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Nov 20 2012

NYIT Architects Raise Funds to Finish Costa Rica Recycling Center

Nosara recycling center

Old Westbury, N.Y.  (November 20, 2012)  ΜΆ  New York Institute of Technology architecture students and faculty hope to return to Costa Rica in January to finish the construction of a recycling and education center they designed last year.

Under the leadership of Assistant Professor Tobias Holler, the project is about 50% complete. A new Kickstarter fundraising campaign aims to raise $9,000 to pay the expenses of up to 20- 25 students who each will spend at least a week to help finish the center in Nosara.

Funds also will pay for the completion of filming about the project, which will be featured in a documentary about waste management and sustainability in Costa Rica. In stark contrast to an image of oceanfront beaches and extraordinary fauna, the country suffers from a serious problem in municipal solid waste management. More than 60% of the 2,400 tons of daily waste are put into open, unregulated dumps. Illegal dumping in rivers and tropical forests pollutes ground water and threatens local communities.

Last year, Holler initiated a design competition at NYIT for the project. Nine winners of the contest, which included a Facebook voting campaign, presented initial designs to the local community. They finalized the design and construction documents with students and faculty from NYIT’s School of Engineering and Computing Sciences.

The NYIT-designed recycling center will include a sorting facility, an open lobby, and community education space.  The 3,000-square-foot center will reduce the amount of recyclable waste sent to a nearby inadequate municipal dump.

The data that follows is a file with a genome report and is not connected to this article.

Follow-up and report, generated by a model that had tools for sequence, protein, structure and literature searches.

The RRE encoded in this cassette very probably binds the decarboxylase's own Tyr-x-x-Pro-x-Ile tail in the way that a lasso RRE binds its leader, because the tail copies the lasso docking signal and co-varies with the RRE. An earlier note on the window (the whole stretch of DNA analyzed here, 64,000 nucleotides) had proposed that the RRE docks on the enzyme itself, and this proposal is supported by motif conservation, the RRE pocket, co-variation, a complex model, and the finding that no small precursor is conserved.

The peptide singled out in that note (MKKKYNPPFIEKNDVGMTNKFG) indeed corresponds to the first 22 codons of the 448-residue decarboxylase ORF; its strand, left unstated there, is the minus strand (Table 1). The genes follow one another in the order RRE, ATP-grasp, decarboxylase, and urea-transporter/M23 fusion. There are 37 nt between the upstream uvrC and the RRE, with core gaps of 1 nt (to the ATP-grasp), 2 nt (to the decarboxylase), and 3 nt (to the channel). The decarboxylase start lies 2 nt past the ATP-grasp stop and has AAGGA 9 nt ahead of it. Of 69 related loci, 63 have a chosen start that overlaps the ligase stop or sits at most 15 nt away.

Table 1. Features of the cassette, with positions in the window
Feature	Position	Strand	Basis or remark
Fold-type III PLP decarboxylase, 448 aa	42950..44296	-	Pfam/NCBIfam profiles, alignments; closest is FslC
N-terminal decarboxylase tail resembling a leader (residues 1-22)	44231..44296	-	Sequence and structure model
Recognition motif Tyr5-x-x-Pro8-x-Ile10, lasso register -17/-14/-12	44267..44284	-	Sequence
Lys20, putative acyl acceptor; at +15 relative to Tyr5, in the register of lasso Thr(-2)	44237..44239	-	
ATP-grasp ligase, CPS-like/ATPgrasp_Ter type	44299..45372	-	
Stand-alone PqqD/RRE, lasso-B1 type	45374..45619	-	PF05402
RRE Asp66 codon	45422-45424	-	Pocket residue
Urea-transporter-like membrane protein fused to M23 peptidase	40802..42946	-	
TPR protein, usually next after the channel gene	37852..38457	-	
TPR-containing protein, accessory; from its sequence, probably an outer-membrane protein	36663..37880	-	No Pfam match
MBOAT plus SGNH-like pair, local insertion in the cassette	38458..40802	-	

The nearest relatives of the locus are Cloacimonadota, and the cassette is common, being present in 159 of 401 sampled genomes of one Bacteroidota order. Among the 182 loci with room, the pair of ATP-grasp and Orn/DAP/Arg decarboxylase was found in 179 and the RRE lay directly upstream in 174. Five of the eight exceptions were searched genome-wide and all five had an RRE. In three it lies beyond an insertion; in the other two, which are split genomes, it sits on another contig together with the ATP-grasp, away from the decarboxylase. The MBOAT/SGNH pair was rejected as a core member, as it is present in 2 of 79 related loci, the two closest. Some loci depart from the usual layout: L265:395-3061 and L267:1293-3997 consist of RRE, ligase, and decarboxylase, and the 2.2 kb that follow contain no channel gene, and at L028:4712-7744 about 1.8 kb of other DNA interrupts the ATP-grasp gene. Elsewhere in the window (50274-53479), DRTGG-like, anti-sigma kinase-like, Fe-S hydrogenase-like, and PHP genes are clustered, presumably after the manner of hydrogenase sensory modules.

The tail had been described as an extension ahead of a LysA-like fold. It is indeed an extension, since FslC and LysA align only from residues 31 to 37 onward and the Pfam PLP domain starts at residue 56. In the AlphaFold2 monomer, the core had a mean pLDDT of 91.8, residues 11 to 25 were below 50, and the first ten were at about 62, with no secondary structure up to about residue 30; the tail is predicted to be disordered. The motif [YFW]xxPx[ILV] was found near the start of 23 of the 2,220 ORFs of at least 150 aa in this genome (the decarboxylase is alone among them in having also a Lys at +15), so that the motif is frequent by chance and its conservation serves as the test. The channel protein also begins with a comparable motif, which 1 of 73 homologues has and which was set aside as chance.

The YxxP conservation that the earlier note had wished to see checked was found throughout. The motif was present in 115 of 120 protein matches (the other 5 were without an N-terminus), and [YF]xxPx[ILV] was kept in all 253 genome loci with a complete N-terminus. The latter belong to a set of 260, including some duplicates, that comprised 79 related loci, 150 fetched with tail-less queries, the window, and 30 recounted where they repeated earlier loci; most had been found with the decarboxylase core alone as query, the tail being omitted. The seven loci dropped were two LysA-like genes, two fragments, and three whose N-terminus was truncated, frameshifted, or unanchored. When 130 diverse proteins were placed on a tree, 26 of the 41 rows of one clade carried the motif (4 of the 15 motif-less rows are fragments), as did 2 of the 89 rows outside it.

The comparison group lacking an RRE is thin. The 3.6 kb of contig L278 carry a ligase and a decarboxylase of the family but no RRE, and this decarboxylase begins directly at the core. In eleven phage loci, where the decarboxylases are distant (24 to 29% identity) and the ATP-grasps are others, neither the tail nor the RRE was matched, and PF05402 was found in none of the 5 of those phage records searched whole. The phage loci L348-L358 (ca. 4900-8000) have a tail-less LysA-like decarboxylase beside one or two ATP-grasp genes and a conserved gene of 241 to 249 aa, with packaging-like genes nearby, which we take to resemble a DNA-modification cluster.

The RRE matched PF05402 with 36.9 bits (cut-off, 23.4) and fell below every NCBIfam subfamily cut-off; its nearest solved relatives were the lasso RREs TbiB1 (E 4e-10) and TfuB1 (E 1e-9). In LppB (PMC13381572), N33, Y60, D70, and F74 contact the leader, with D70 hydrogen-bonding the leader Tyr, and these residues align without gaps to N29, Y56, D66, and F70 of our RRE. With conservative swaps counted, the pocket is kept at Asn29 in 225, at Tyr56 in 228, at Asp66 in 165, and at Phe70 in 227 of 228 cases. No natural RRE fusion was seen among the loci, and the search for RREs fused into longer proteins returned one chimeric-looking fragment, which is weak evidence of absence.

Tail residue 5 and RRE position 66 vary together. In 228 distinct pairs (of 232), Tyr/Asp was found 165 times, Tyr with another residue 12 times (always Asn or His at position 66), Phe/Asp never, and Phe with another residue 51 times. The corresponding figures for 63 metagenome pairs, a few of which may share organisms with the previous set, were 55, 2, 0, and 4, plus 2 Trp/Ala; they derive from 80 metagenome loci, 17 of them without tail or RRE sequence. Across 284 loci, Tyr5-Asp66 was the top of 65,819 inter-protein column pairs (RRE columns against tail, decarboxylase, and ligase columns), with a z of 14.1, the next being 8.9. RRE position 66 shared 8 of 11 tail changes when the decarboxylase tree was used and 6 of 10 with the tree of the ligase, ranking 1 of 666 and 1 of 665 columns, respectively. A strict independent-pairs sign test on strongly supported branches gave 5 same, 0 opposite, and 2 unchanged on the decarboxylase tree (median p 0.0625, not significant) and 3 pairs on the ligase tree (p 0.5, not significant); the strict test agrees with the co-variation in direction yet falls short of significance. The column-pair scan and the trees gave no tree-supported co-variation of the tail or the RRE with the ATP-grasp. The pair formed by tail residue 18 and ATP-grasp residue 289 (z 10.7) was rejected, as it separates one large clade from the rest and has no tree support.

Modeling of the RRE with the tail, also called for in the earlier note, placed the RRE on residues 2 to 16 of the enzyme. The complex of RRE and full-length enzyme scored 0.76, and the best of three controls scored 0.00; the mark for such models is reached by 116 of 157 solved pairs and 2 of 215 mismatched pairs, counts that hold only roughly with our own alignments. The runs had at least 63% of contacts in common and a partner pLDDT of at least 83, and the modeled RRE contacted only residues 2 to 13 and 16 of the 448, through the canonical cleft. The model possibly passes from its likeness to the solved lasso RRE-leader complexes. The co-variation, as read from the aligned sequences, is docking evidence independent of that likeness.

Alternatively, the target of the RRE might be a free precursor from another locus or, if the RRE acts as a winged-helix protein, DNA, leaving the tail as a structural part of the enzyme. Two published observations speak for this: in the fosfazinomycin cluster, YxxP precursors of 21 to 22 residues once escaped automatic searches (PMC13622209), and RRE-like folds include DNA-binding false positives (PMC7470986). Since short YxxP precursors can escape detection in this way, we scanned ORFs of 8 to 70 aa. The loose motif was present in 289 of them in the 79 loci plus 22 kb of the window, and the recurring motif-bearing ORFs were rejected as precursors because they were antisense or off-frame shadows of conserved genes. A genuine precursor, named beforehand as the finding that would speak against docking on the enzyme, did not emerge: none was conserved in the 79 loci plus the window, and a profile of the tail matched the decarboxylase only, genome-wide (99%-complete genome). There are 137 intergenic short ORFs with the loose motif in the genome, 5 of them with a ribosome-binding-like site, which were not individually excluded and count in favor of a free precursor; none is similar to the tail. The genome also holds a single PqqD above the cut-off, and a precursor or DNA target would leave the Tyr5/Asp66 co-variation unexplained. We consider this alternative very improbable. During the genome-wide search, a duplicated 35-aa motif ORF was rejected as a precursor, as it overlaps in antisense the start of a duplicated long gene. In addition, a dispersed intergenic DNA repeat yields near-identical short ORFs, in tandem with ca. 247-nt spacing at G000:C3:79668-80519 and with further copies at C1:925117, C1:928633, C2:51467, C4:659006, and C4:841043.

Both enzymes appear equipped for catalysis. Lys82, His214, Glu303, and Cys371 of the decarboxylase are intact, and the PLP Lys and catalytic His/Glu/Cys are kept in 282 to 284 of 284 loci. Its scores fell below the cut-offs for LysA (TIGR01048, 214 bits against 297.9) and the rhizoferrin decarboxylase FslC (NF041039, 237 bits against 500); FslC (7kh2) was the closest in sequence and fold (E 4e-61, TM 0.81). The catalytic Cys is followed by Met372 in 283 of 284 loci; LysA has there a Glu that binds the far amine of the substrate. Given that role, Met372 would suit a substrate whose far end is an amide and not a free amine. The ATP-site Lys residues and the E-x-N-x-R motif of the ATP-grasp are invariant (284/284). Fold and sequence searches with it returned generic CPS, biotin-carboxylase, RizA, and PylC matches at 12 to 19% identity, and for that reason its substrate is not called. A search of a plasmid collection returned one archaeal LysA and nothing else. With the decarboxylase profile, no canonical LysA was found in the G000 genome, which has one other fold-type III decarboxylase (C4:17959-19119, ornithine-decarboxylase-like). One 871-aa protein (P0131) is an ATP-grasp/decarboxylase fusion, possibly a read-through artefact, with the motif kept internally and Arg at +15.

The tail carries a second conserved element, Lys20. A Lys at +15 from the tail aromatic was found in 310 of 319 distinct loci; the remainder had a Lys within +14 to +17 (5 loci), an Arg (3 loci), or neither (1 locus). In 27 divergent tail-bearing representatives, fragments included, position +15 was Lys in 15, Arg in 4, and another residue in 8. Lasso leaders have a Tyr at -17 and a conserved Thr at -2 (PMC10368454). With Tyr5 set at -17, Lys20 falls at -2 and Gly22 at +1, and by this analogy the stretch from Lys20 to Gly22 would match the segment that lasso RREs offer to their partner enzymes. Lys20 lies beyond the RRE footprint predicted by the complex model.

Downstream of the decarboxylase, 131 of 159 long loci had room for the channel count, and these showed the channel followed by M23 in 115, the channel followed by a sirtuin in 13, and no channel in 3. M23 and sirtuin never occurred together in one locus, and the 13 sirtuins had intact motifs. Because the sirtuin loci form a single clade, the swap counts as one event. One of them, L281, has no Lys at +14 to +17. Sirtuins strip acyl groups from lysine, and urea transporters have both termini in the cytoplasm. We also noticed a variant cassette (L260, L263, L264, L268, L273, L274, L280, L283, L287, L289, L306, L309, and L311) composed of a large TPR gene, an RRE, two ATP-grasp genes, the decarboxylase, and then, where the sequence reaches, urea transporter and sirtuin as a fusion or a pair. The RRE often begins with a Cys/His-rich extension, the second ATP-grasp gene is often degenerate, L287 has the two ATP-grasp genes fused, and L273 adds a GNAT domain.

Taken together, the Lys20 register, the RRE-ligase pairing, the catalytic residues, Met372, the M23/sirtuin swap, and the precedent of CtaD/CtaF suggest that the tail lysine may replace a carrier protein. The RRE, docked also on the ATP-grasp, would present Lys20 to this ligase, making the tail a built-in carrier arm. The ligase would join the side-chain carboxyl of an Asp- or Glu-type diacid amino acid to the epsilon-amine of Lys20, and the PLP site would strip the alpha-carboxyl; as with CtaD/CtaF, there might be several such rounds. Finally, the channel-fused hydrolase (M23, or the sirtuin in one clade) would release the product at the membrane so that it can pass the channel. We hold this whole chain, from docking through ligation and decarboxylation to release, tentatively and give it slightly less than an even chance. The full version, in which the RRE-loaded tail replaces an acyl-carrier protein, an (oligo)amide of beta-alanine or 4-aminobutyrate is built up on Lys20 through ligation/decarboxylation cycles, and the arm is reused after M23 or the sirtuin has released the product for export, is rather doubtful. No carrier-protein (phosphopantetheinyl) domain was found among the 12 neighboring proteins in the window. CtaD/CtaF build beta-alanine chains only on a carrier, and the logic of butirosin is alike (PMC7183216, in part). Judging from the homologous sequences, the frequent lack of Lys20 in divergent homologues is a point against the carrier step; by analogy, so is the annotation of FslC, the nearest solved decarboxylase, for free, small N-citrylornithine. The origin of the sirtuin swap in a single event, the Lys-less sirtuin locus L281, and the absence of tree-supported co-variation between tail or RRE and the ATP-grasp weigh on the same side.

Earlier this year, the project team raised $20,000 which allowed 30 students to spend several weeks Nosara in July and August. Funds also paid for the initial documentary filming. The students set up the construction site, completed the site grading, concrete foundations and block walls, and began the roof construction.

Holler said the opportunity to construct a project is valuable for architecture students.

"It really makes you a better designer because you know what is possible," he said. "The connection between the design of the project and the pitfalls and difficulties of construciton makes them much better designers and architects."


About NYIT

New York Institute of Technology (NYIT) offers 90 degree programs, including undergraduate, graduate, and professional degrees, in more than 50 fields of study, including architecture and design; arts and sciences; education; engineering and computing sciences; health professions; management; and osteopathic medicine. A non-profit independent, private institution of higher education, NYIT has 14,000 students attending campuses on Long Island and Manhattan, online, and at its global campuses. NYIT sponsors 11 NCAA Division II programs and one Division I team.


Led by President Edward Guiliano, NYIT is guided by its mission to provide career-oriented professional education, offer access to opportunity to all qualified students, and support applications-oriented research that benefits the larger world. To date, more than 92,000 graduates have received degrees from NYIT. For more information, visit



Elaine Iandoli



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